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Cell Physiol Biochem. 2015;37(6):2275-87. doi: 10.1159/000438583. Epub 2015 Dec 2.

Lapatinib Induced Suicidal Death of Human Erythrocytes.

Abstract

BACKGROUND/AIMS:

The human epidermal growth factor receptors tyrosine kinase inhibitor lapatinib has been shown to trigger suicidal death or apoptosis of tumor cells and is thus used for the treatment of malignancy. Side effects of lapatinib include anemia, which could, at least in theory, result from stimulation of eryptosis, the suicidal death of erythrocytes which is characterized by cell shrinkage and phospholipid scrambling of the cell membrane leading to phosphatidylserine translocation to the erythrocyte surface. Mechanisms involved in the triggering of eryptosis include oxidative stress, increase of cytosolic Ca2+ activity ([Ca2+]i), and ceramide. The present study explored, whether lapatinib induces eryptosis.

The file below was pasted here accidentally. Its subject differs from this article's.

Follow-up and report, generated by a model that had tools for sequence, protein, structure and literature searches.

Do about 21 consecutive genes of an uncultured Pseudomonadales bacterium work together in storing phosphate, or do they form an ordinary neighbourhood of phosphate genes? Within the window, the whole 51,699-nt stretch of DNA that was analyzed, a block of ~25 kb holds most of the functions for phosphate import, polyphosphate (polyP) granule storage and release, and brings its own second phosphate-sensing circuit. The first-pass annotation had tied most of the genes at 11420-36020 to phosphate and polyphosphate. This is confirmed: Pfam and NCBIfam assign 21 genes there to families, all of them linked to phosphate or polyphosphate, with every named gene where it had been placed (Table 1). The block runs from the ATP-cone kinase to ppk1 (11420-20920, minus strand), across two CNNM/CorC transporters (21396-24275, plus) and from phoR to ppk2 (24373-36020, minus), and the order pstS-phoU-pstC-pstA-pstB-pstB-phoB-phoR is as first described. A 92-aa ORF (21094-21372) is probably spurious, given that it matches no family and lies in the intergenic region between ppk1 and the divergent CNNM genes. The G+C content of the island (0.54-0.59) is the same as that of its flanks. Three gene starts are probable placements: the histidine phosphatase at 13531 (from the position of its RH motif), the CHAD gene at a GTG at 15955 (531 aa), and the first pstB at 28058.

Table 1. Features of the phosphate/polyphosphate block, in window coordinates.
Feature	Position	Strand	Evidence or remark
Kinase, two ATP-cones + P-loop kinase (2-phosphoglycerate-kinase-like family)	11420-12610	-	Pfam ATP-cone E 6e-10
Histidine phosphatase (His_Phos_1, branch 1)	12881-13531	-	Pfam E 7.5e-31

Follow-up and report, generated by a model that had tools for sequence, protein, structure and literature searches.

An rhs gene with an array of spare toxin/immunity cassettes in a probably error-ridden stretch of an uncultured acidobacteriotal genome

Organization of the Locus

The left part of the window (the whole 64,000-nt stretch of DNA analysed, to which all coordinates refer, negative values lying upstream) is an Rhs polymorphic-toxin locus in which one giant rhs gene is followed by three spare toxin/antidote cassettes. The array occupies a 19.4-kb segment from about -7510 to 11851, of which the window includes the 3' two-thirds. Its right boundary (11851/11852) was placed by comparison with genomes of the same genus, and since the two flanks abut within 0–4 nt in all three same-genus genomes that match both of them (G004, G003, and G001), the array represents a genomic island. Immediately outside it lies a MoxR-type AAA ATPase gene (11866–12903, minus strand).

METHODS:

Phosphatidylserine exposure at the cell surface was estimated from annexin-V-binding, cell volume from forward scatter, [Ca2+]i from Fluo3-fluorescence, abundance of reactive oxygen species (ROS) from DCFDA dependent fluorescence, and ceramide abundance utilizing labelled specific antibodies.

RESULTS:

A 48 hours exposure of human erythrocytes to lapatinib (≥ 1 µg/ml) significantly increased the percentage of annexin-V-binding cells, and significantly decreased forward scatter. Lapatinib (7.5 µg/ml) did not significantly modify DCFDA fluorescence and ceramide abundance. Lapatinib slightly, but significantly decreased Fluo3-fluorescence (≥ 5 µg/ml). Lapatinib (7.5 µg/ml) enhanced the annexin-V-binding in the presence of the Ca2+ ionophore ionomycin (1 µM) without significantly modifying Fluo3 fluorescence in the presence of ionomycin. The effect of lapatinib on forward scatter but not on annexin-V-binding was significantly blunted by removal of extracellular Ca2+.

CONCLUSION:

Lapatinib triggers cell shrinkage and phospholipid scrambling of the erythrocyte cell membrane, an effect occurring despite decrease of cytosolic Ca2+ activity.

PMID:
26624928
DOI:
10.1159/000438583
[Indexed for MEDLINE]
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